Concrete Design, Copper Finish
Though the Ambient Delay is obviously and outwardly related to the Ernie Ball volume and expression pedals, the copper color and smaller footprint represent design departures. It’s more compact than the VP Jr, but this does not detract from its usability. Unlike some compact treadle-equipped pedals, Ernie Ball’s design retains a practical, more full-sized width. In fact, it’s about as wide as the VP Jr but it’s about two inches shorter. The height is ever so slightly taller than a volume pedal—presumably to accommodate the delay and reverb circuitry.
The treadle action is smooth, and even my fat foot falls naturally and feels steady on the treadle. Toe-up action reduces the effect mix. Toe-down action increases effect intensity. There are three knobs on the front of the unit—reverb (which controls the reverb intensity), and feedback and time controls for the delay. The time knob can be set between 50 ms and a full second of delay time, which can be further adjusted by using a tap tempo footswitch (not included).
Settings for maximum reverb mix can be adjusted using an internal trimpot. It ships with maximum mix at about 75 percent, but I jacked this up to 100 percent, which still seems to let a touch of dry signal trickle through (no bad thing). I preferred having the extra range for exploring more extreme reverb washes, and I didn’t seem to sacrifice much in the way of sensitivity or range by making the maximum setting extra wet.
As anyone who has handled an Ernie Ball volume pedal would expect, construction is sturdy and the pedal feels substantial. There is no battery option. But Ernie Ball has done touring musicians a solid by providing a wall-adaptor with interchangeable (and included) plugs for both E.U. and U.S. territories. Nice! Also noteworthy is the new synthetic cord that connects the treadle and expression pot. It seems like a major upgrade in roadworthiness, and I’m curious to see how durable the new solution is, as I’ve gone through many of the cotton cords on my volume pedals. And while replacing these cords on a volume pedal is generally a pain, the removable back plate on the Ambient Delay should make replacement easier if the cord fails.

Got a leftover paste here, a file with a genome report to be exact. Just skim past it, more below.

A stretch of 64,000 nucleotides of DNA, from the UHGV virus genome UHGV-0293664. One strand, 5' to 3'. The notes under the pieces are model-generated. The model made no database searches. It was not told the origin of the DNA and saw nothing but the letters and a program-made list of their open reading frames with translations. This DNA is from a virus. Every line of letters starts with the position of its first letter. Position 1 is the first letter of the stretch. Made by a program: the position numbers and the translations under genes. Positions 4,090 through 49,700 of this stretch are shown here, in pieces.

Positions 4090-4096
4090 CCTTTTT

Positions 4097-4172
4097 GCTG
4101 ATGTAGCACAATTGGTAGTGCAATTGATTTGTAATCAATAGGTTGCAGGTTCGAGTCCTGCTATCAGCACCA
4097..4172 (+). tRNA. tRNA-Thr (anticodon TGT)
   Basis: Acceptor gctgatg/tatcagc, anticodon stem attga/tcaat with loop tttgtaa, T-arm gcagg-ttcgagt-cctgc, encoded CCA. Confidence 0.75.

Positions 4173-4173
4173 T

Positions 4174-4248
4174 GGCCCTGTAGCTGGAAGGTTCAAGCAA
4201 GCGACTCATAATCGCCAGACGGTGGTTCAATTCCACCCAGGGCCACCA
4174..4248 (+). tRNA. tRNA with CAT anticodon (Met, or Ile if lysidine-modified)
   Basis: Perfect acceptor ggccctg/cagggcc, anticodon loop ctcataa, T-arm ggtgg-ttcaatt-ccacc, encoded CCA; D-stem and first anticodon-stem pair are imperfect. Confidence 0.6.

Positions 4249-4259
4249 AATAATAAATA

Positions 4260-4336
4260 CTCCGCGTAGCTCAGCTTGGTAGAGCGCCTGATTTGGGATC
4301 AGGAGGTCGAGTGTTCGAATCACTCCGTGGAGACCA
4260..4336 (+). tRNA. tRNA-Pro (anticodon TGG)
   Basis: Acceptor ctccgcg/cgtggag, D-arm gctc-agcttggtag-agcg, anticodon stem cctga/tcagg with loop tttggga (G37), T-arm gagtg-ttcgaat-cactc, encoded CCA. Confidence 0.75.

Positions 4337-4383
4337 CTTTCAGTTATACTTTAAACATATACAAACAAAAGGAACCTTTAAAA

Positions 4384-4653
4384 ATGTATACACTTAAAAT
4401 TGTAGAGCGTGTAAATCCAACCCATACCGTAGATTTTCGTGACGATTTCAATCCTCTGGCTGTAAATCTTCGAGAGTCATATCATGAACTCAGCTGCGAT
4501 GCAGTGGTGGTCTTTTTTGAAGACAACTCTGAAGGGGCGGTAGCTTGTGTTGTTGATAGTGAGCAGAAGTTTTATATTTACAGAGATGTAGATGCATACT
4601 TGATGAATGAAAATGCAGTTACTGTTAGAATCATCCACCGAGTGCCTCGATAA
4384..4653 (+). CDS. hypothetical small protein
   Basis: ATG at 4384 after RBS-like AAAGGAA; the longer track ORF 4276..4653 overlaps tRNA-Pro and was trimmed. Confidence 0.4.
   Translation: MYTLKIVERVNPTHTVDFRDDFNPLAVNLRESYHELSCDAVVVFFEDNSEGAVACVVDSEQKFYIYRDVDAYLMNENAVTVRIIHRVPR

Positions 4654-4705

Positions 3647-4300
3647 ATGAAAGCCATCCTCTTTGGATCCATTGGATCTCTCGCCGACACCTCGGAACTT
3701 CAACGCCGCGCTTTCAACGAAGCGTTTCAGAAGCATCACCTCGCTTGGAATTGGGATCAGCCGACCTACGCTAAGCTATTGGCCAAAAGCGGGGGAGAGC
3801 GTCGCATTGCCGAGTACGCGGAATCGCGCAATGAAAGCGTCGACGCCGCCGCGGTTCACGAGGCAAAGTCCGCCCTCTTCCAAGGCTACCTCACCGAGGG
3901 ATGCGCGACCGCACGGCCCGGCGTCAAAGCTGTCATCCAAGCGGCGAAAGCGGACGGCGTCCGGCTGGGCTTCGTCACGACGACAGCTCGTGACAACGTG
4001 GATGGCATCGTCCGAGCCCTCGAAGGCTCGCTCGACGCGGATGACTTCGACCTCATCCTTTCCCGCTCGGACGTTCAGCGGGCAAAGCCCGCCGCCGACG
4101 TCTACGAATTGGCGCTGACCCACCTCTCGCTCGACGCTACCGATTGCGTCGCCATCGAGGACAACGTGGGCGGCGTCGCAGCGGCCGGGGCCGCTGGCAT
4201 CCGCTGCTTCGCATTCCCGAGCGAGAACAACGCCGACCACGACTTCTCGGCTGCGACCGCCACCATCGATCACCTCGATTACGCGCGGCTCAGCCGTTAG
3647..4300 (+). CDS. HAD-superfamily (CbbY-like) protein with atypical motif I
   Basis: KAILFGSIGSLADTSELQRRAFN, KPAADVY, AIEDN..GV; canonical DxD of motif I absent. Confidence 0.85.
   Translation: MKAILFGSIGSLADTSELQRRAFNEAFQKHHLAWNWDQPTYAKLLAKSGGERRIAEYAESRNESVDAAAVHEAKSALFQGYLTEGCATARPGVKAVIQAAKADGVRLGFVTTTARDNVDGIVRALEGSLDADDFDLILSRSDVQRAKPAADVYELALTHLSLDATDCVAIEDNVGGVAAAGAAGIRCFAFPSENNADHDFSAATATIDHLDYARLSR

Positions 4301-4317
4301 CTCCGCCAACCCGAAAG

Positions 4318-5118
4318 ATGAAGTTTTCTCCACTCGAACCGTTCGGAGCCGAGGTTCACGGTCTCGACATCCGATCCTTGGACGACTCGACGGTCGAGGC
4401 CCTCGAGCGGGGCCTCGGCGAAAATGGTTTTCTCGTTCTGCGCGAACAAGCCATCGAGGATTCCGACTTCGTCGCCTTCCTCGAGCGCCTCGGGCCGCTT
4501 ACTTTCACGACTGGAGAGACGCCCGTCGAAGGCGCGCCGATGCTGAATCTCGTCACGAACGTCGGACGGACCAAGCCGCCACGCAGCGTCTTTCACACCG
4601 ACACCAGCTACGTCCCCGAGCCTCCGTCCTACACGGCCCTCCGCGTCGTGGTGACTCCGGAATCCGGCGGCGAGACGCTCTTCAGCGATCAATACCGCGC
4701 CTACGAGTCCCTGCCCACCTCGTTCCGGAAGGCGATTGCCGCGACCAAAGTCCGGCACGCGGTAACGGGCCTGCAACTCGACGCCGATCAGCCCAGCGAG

Casting Shadows and Echoes
Even at maximum mix settings, the delay is crisp but never too digital or sterile. The reverb also has a very natural bloom that makes swells extra organic sounding and sits nicely with the delay without creating a messy slurry of echo. Delay feedback never veers into the wild oscillation of an analog unit—even when maxed out, which seems like underutilization of the expression pedal’s functionality. But the gently tapered swells of reverb and delay that are the pedal’s strength are a sublime effect, and open up subtler possibilities. Mastering these subtleties takes practice. But you may also quickly find you apply the pedal in unexpected ways. Using it for a quick dash of color at the end of a guitar solo or for a big finish at the end of a song, for instance, adds a layer of studio-like production to live performance.
For more ethereal, ambient work, the Ambient Delay also plays well with other delays. I enjoyed using the reverb from my Twin Reverb as baseline coloration, and fading in stronger reverb and delay textures with the Ambient Delay.
The Ambient Delay is a very versatile effect. It sounds vivid and rich with small and large amplifiers and with every pickup configuration I tried. It also sounds spectacular with synths and bass. Most decent digital delay/reverb combo effects have crept toward the $200 mark, and the Ambient Delay, at 199 bucks, is no exception. But with treadle functionality that will suit casual delay and reverb users and heavy-duty texturalists alike, the Ernie Ball stands apart on both practical and expressive fronts.
Watch the Review Demo: